|Teoria||5||II semestre||Ugo Luigi Monaco|
|Laboratorio||1||II semestre||Massimiliano Perduca|
|Teoria||Wednesday||4:30 PM - 6:30 PM||lesson||Lecture Hall H|
|Teoria||Thursday||4:30 PM - 6:30 PM||lesson||Lecture Hall A|
The goal of the Structural Biology course for the degree in Bioinformatics and Medical Biotechnology is to develop in the student the skills necessary to critically read and assess scientific papers in this branch of science, specially in crystallography since NMR is covered by another course.
After an introduction discussing the relative weight of the different techniques used to determine the three-dimensional structure of biomolecules, the course concentrates on the theory and practice of macromolecular crystallography.
The fundamentals of the theory of diffraction, the modern methods of data collection and the phase problem are covered in detail. In addition, papers selected from the current literature dealing with important biological structures are read and discussed. The laboratory introduces the student to the basic experimental techniques of Biocrystallography, in particular those concerning the preparation of biological crystals. An alternative to the experimental laboratory is the preparation of a term paper dealing with a topic in Structural Biology.
Introduction. Structural Biology. The Protein Data Bank. Methods used to determine the three-dimensional structure of macromolecules. Crystallography, Nuclear Magnetic Resonance and Electron Microscopy. The role of Biocrystallography in Structural Biology.
The theory of X-ray diffraction. Geometry of an X-ray scattering experiment. Scattering of a single electron and an atom. The atomic scattering factor. Structure factor. The structure factor of atoms not located at the origin. The diffraction pattern of a one-dimensional array of atoms. X-ray diffraction from a three-dimensional array of atoms. The von Laue scattering conditions. The structure factor of a crystal. Fourier transforms. Convolutions and their use in the computation of structure factors. Bragg’s law of diffraction.
Properties of crystals. Symmetry. Symmetry elements. Space groups. Reciprocal lattice. Preparation of macromolecular crystals. Properties of protein crystals. The relationship between the crystal lattice and the reciprocal lattice. The Ewald sphere. Determination of the space group and of the number of molecules in the unit cell of a macromolecular crystal.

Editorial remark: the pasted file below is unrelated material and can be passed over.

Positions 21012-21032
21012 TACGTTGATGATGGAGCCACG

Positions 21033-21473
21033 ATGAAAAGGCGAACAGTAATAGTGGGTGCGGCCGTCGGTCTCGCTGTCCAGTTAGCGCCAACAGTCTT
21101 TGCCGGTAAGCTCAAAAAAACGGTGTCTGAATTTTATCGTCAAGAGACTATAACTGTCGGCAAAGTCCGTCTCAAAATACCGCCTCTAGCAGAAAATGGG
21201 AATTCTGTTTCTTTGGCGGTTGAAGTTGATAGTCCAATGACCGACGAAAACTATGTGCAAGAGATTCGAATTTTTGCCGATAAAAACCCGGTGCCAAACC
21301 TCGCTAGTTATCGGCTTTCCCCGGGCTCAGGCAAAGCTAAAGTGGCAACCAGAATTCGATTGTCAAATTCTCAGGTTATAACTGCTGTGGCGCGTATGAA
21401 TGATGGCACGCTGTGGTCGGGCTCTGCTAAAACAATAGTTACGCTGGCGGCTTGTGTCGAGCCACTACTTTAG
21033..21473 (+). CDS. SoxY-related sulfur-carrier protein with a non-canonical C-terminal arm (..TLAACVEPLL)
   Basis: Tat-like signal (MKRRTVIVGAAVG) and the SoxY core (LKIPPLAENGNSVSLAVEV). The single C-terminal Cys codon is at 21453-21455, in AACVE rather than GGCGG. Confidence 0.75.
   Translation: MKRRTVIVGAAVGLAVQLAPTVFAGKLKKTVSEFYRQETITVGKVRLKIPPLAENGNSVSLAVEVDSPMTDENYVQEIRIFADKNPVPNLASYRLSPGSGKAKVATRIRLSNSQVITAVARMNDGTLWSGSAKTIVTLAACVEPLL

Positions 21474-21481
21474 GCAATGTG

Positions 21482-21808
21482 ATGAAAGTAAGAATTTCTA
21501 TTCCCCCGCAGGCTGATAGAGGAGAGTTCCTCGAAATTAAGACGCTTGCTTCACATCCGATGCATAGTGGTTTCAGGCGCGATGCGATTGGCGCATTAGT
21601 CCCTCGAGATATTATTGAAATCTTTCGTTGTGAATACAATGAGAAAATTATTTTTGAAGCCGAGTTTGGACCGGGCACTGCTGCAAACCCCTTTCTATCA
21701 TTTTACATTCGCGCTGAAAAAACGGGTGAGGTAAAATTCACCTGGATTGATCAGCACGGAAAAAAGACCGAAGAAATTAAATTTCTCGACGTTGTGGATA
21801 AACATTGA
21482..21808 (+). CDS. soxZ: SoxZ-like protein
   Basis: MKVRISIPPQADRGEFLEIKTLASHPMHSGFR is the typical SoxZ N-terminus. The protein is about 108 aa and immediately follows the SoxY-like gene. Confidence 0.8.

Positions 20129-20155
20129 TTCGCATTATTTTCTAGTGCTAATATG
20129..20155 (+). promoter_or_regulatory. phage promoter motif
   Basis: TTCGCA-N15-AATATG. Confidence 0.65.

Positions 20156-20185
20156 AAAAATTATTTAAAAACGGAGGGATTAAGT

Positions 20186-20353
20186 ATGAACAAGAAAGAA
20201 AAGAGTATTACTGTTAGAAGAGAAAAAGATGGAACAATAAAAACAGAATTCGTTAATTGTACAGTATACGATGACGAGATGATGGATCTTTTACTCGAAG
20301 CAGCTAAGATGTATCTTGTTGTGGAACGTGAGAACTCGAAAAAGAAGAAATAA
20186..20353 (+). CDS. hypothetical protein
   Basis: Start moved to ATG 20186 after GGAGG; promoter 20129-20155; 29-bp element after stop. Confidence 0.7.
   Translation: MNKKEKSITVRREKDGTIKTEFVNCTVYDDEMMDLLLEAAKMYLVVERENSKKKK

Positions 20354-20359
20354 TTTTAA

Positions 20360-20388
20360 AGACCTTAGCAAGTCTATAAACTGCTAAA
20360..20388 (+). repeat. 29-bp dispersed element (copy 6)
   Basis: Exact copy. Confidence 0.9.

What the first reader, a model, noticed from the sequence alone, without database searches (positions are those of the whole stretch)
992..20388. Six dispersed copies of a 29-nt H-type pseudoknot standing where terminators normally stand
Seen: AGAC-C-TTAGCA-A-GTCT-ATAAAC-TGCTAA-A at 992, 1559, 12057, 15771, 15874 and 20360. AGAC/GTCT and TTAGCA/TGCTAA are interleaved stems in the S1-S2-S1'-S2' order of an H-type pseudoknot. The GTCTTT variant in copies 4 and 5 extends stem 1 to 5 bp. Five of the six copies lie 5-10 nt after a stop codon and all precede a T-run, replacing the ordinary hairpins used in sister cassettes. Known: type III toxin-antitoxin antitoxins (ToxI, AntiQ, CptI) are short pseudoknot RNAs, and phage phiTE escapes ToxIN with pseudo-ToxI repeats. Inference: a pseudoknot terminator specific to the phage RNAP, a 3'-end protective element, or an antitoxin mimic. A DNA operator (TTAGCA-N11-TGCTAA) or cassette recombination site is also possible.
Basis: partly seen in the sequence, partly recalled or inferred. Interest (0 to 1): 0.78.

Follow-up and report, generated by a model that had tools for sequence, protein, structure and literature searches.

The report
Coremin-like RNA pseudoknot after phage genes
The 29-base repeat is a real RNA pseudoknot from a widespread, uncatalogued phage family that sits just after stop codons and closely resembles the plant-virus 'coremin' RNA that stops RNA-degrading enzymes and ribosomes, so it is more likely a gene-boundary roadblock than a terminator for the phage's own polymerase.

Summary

Determination of the molecular structure by X-ray crystallography. The phase problem. Steps in determining the structure of a macromolecule. X-ray sources. Data collection methods. Solving the phase problem. The method of multiple isomorphous replacement. The Patterson function. Treatment of errors. Computation of electron density maps. Molecular replacement. Other methods used to solve the phase problem.
Model building and refinement. Interpretation of the electron density maps. Building the model. Refinement methods. Assessing the model quality. The R factor. Ramachandran plots. Checking the stereochemistry.
Some important results of Biocrystallography. Using the Fourier difference synthesis to study the function of proteins. Conformational changes. Time resolved Biocrystallography. The importance of synchrotron radiation.
1) Liljas, A, Liljas, L., Piskur, J., Lindblom, G., Nissen, P & Kjeldgaard, M. (2009) Textbook of Structural Biology. World Scientific Publishing Singapore.
2) Branden, C. & Tooze, J. (1999) Introduction to Protein Structure. Second Edition. Garland Publishing, Inc., New York.
1) Rupp, B. (2010) Biomolecular Crystallography. Principles, Practice and Application to Structural Biology. Garland Science New York.
2) Cantor, C. R. & Schimmel, P. R. (1980) Biophysical Chemistry Volume 2. W. H. Freeman and Company, San Francisco.
3) Giacovazzo, C. (Editor) (1992) Fundamentals of Crystallography. Oxford University Press, Oxford.
5) McPherson, A. (1999) Crystallization of Biological Macromolecules. Cold Spring Harbor Laboratory Press, Cold Spring Harbor, New York